"He was even a Kent State alum," Mason said of Saban. "It just made total sense to me that they would hire Nick."

Of course, they didn't. The explanation Mason said he received from those in the administration (not Amodio) was that they were looking for a more seasoned coach to take over a team that still had a number of good players coming back.

Later during their careers, Mason and Saban would stumble onto the subject of Kent State from time to time.

Mason said Saban didn't say much about it, but when Saban went 9-2 at Toledo in 1990, Mason said he told him, "The boys at Kent State are crying in their beer."

Said Amodio: "He was a great coach. I made a mistake not hiring him."

• • •

Eight years after Saban was fired for the first and only time of his career, at Ohio State in 1981, he was finally ready to become a head coach.

Former colleagues describe the younger Saban as a methodical networker. While working under Earle Bruce in Columbus, fellow defensive assistants Steve Szabo and Bob Tucker remember Saban constantly working the phones, calling coaches in college and the NFL to talk shop.

"Nick had a relationship with Bill Belichick and someone with the Eagles," Szabo recalled.

It was the relationship with Belichick that helped Saban land on his feet at Navy after being fired by Bruce. A year later, George Perles, whom Saban knew from his time visiting with the Pittsburgh Steelers' offices in the 1970s, hired him as defensive coordinator at Michigan State.

Perles said he could tell that Saban was looking to move up following the 1989 Rose Bowl.

"I knew he wanted to be a head coach," he said.

Saban kept Perles in the loop the entire time. Perles thought Saban would get the Kent State job but saw him turn the page immediately when he didn't. Perles didn't sense any disappointment, he said. Later, Saban informed Perles that he was resigning to try his hand in the NFL with the Houston Oilers.

Maybe it's because Saban went on to such success. Maybe it's because it took him only a couple of years to become a head coach at Toledo. But whatever the case, Perles and the rest of us never stopped to think about what Saban must have felt as a young coach who was turned down for the first head-coaching job he ever wanted.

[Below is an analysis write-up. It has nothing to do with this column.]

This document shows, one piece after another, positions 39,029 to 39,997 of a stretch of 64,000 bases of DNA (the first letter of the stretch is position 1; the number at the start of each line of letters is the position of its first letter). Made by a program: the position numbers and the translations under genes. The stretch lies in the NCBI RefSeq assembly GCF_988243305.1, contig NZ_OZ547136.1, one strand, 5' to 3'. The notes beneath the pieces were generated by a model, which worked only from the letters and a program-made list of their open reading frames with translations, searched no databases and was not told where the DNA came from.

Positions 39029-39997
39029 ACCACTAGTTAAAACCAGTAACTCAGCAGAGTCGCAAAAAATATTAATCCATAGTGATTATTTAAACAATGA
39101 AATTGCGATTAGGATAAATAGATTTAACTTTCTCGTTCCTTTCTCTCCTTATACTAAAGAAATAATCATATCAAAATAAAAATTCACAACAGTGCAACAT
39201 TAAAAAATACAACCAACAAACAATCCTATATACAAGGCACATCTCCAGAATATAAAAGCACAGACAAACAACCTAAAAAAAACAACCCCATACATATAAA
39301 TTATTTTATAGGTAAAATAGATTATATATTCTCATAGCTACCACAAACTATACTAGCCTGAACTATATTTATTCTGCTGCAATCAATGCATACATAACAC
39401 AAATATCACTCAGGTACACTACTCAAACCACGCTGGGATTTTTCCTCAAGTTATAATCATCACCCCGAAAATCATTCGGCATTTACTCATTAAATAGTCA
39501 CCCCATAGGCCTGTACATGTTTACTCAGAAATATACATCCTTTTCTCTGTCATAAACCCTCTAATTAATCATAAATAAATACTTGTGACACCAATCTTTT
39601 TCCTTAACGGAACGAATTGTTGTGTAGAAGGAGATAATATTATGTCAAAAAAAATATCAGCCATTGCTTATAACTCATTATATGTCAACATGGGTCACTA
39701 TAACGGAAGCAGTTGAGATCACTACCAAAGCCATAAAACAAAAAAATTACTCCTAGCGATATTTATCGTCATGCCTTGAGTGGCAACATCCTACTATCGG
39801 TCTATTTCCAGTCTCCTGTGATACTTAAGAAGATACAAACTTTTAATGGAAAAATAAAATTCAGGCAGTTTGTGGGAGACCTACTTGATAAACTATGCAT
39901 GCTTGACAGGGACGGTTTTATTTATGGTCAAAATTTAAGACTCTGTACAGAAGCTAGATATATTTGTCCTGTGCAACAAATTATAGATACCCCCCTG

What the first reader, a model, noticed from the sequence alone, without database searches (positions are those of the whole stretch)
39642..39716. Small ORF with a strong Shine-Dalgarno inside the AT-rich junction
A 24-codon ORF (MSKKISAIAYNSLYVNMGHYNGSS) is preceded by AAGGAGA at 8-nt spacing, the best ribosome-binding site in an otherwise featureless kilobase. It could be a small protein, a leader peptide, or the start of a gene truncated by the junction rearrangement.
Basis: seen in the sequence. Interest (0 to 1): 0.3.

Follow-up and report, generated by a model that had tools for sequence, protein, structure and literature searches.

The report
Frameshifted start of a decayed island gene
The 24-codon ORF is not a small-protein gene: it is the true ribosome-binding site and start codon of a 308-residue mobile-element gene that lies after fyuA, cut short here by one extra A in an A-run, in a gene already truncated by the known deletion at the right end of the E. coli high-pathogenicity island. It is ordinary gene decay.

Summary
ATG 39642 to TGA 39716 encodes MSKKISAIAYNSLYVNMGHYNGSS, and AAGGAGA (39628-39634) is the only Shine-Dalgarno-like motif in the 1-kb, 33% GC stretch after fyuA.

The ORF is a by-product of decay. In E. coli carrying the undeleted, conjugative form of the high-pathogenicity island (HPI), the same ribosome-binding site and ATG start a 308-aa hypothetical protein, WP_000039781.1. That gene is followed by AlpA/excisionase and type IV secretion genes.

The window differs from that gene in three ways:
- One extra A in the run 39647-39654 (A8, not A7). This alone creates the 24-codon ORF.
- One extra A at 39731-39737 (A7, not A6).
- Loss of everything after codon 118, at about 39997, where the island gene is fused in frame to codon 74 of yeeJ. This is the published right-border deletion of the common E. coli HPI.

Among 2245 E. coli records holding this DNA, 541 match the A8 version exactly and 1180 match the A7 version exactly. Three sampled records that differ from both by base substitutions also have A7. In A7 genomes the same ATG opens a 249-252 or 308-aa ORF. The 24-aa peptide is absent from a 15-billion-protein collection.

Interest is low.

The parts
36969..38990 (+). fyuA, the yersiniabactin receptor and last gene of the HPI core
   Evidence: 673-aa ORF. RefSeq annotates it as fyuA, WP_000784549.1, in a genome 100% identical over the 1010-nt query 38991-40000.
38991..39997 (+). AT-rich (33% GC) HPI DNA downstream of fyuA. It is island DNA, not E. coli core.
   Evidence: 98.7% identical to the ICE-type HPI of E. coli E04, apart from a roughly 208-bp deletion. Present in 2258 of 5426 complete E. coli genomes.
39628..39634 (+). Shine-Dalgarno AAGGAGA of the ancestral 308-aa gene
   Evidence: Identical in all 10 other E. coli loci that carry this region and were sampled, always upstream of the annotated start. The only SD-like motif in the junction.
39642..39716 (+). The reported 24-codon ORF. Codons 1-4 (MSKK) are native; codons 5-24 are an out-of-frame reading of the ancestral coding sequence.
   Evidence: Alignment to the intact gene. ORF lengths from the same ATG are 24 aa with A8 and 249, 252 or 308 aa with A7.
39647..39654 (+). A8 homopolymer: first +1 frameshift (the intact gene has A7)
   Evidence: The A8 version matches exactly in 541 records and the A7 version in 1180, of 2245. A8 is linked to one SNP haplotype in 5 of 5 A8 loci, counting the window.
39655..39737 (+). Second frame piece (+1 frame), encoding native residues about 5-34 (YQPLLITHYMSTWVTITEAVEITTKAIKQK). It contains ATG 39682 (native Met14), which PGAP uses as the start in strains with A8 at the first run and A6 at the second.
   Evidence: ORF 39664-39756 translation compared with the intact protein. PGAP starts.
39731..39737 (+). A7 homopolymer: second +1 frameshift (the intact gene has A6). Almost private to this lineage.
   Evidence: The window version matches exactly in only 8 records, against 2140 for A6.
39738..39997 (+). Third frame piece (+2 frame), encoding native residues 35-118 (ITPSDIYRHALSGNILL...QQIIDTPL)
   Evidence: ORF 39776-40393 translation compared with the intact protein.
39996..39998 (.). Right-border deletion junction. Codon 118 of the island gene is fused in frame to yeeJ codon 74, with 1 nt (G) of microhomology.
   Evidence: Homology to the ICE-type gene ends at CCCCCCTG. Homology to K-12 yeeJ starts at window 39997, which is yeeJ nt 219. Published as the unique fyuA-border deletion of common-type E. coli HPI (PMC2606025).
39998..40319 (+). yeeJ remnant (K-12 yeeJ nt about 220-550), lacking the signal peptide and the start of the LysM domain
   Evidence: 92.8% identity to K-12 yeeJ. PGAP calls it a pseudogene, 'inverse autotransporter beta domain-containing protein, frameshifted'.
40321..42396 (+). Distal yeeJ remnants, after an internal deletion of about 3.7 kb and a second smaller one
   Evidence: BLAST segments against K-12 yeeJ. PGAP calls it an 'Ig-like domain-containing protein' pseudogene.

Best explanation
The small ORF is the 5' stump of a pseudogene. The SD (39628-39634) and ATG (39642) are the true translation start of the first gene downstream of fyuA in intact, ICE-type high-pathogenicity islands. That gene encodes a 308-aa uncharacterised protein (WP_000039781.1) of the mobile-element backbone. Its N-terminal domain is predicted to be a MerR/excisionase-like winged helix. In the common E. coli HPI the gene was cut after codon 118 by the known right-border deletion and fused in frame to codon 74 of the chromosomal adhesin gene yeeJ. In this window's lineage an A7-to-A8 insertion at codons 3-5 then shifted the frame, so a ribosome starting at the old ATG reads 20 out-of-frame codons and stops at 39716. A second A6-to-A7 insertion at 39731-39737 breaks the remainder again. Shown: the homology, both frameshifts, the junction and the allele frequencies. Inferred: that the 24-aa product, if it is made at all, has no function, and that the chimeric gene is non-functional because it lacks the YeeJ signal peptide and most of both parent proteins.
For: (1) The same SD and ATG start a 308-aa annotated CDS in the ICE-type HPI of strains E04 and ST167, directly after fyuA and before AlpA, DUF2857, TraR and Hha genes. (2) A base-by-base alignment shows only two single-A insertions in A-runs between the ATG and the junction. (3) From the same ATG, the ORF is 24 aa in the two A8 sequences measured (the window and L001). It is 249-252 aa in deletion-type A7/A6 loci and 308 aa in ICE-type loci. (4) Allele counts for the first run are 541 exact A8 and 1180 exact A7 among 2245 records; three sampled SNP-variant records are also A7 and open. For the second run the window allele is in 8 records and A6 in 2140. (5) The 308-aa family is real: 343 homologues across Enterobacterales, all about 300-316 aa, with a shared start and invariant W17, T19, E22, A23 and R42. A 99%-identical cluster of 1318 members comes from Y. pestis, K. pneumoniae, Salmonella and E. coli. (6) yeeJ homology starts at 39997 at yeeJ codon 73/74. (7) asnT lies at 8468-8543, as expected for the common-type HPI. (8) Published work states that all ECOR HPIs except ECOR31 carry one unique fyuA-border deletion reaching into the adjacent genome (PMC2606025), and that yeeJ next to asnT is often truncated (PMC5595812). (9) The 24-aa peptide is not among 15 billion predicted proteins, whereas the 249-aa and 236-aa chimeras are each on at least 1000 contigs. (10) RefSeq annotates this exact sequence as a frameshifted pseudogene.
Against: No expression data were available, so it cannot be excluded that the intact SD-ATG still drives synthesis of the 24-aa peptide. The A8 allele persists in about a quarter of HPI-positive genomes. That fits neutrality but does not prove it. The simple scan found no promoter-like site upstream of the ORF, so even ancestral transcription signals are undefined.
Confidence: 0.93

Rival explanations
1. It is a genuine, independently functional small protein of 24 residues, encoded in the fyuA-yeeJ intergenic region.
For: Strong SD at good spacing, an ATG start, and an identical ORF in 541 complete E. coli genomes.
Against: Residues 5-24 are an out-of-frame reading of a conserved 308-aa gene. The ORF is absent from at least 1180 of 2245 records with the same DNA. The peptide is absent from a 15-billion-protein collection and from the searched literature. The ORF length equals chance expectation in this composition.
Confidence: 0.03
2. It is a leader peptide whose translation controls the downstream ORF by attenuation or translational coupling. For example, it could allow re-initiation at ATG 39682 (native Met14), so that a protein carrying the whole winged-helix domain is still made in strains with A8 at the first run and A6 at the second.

Then on a night last December as Alabama prepared to face Michigan State in the College Football Playoff, it came out. Saban was asked what his dream job was early in his career, and he went back to 1987 and Kent State.

"The job was open, and I applied for it," Saban said, "and it was the first time I was ever excited about thinking that I would have the chance to be a head coach someday. I never got hired. So that's when I got a little frustrated and said, 'Wow. You did what you did [at Michigan State] this year, and they didn't hire you at your own school. You're probably never going to be a head coach.' That's exactly what I thought.

"And that had a lot to do with me going a few months later to the Houston Oilers and coached in the NFL for two years, because I thought I was never going to get to be a head coach in college."

As it turns out, the NFL lifestyle never suited Saban. It was too much business, not enough relationships. Players came and went via free agency. Assistants didn't pop into the office throughout the day like he was used to. The college game all along was the right fit for him. But as a 36-year-old coach in search of the next opportunity, he didn't know it. He only knew that his alma mater had just rejected him.

Saban's journey would twist and turn until it reached Tuscaloosa. Now Alabama is home, and he's the head coach of the No. 1 team in the country as it prepares to welcome Kent State to town for a game Saturday afternoon.

As it turns out, if Saban had gotten the job more than 30 years ago, he would have coached a young defensive back from Columbus named Paul Haynes.

Haynes, of course, is Kent State's current head coach.

How's that for everything coming full circle?